Cheating and Plagiarism Policy

(Date this policy was last reviewed: April 2017)


Deliberate cheating or plagiarism is seen in a serious light. It is part of the education process to ensure that learners understand the ethical implications of plagiarism and cheating. It is also important to educate learners regarding the implications of deliberate dishonesty within the framework of the school’s Christian ethos.

Plagiarism can be defined as submitting work that contains contents developed by someone else as if it was developed by yourself, i.e. not giving proper acknowledgement to sources. This could include close paraphrasing and the use of images. The term is usually used in the context of tasks and projects and could happen due to negligence or be accidental.

Cheating also entails submitting work of another person as if it is your own. This term is generally associated with tests and exams and is unlikely to happen by accident or due to negligence.


It is the responsibility of the school to educate learners in order to prevent plagiarism and cheating. As such, the following measures are in place:

  • Information on plagiarism and proper referencing techniques in Grade 8 and Grade 9 (Life Orientation teacher)
  • Talk by Grade Head in Grade 8 and Grade 9 on plagiarism and cheating
  • Reminder of plagiarism and referencing techniques every time a project or task is issued (by teacher of that learning area)
  • Reminder of seriousness of cheating and consequences before each test and exam

Should the school fail to properly enforce one of the above strategies, learners will still be liable for their actions, particularly relating to cheating in tests or exams.


Cheating in official tests or exams includes any action, regardless of whether it was successful, to help another learner or obtain help from another learner or source. Note that a deliberate action to help another learner is thus also considered cheating.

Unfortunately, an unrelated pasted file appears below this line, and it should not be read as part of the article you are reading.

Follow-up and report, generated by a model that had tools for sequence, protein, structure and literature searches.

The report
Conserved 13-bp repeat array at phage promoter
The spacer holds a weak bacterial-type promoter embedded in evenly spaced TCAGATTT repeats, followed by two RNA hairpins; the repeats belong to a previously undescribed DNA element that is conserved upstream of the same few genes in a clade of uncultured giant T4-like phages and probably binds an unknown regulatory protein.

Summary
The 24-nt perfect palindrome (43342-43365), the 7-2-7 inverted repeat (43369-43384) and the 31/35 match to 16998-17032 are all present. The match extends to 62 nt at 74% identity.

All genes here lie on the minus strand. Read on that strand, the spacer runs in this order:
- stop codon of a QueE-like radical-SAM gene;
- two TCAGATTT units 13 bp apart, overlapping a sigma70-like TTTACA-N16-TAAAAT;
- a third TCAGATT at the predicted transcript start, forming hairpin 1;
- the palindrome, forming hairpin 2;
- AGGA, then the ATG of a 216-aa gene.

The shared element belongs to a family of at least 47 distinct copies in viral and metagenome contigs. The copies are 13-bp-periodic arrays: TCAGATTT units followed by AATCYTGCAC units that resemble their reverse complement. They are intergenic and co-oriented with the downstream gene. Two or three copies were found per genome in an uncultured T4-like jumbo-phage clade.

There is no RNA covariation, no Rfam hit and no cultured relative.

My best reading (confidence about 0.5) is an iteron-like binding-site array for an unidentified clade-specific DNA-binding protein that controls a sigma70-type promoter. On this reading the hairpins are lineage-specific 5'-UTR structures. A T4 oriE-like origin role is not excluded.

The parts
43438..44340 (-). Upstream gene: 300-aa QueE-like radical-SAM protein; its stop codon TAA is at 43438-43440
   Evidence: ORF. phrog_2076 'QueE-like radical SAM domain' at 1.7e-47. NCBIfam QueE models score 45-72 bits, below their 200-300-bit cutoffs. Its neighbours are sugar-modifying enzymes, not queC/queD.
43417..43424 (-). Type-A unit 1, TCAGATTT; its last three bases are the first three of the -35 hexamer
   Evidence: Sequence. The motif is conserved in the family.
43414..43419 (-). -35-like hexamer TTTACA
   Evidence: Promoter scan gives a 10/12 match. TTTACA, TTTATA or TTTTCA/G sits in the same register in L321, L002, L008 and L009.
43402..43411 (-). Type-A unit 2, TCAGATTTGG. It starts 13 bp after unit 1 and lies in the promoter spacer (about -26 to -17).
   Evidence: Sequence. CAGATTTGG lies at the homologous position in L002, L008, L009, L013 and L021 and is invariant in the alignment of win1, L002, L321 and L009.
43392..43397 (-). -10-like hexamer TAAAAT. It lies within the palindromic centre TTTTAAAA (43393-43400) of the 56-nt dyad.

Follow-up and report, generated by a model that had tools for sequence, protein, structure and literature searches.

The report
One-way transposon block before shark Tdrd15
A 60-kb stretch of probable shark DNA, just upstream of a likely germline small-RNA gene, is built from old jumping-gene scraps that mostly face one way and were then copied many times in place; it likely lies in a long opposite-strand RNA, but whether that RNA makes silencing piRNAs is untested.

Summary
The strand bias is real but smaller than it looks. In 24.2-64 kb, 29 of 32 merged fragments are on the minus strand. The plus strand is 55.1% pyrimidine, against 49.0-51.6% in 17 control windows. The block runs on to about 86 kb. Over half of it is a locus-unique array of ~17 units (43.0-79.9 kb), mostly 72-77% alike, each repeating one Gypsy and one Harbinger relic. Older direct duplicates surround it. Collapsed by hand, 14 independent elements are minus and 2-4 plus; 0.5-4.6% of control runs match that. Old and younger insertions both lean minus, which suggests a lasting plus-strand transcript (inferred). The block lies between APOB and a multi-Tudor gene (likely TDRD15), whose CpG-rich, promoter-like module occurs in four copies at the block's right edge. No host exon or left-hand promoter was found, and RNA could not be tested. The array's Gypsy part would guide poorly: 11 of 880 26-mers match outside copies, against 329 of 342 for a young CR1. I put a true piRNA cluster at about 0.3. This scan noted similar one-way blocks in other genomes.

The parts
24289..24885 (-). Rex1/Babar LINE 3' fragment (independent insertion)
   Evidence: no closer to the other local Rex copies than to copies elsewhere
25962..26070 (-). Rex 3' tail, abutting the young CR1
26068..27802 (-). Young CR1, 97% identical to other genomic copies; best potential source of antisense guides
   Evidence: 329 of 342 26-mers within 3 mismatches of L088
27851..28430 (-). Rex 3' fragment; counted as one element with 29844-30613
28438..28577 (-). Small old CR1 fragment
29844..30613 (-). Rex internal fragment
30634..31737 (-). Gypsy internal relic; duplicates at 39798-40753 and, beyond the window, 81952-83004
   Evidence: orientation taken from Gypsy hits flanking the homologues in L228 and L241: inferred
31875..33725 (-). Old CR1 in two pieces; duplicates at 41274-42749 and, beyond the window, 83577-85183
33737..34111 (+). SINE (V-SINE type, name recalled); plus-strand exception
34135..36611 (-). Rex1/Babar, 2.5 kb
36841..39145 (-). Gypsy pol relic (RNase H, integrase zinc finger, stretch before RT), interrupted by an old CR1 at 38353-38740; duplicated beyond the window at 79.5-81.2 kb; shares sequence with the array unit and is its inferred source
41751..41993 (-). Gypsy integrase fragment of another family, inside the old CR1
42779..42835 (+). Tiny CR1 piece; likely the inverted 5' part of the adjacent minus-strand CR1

This transgression is seen in a serious light and will be dealt with on a disciplinary level by the Grade Head. The Grade Head will inform the parents or guardians of the learner and also inform the headmaster.

Where it is beyond any doubt that a learner cheated in a test or exam, the learner will receive zero marks for that particular test or exam or for the section in which the cheating occurred. Parents or guardians should be informed as soon as possible and this must be reflected on the learner’s report. Teachers should still mark the paper and give zero marks for the sections affected by the cheating of the learner. This mark should also be kept on record as it may be used to calculate a learner’s year mark. This will be decided on in consultation with the headmaster as the school recognises that there are different levels of seriousness when it comes to cheating.

If a learner accidently sees work of another learner during a test, or realises that he has a source of information with him, the learner should report this to the invigilator immediately. The invigilator should make a note of what was reported to him or her on the question paper of the learner.


The school recognises that there are different levels of seriousness when it comes to plagiarism. On the one extreme, whole sections of content could be copied from the internet and submitted as if it is the learner’s own work. On the other extreme, a learner may accidently fail to recognise a source for an image used. This spectrum of transgressions has to be taken into account.

If it is clear that a learner has deliberately plagiarised large chunks of work, the learner may receive zero marks for the entire project. Teachers should also mark the project and only give zero marks for the affected content and keep record of this mark for possible use in the compilation of the year mark.

Learners may be granted an opportunity to re-do the project, but can only obtain a maximum of 60% for a project that had to be redone.

When setting up marking rubrics, teachers should include marks for proper referencing techniques used. Should a learner fail to use proper referencing techniques, but is not deliberately plagiarising, he will forfeit only the marks on the rubric. Learners may also be penalised in other parts of the rubric, e.g. for “scientific correctness of report” should the teacher deem it necessary.

Teachers are required to be fair and consistent when it comes to penalising for plagiarism. Where uncertain, teachers need to consult with colleagues to arrive at the best possible answer.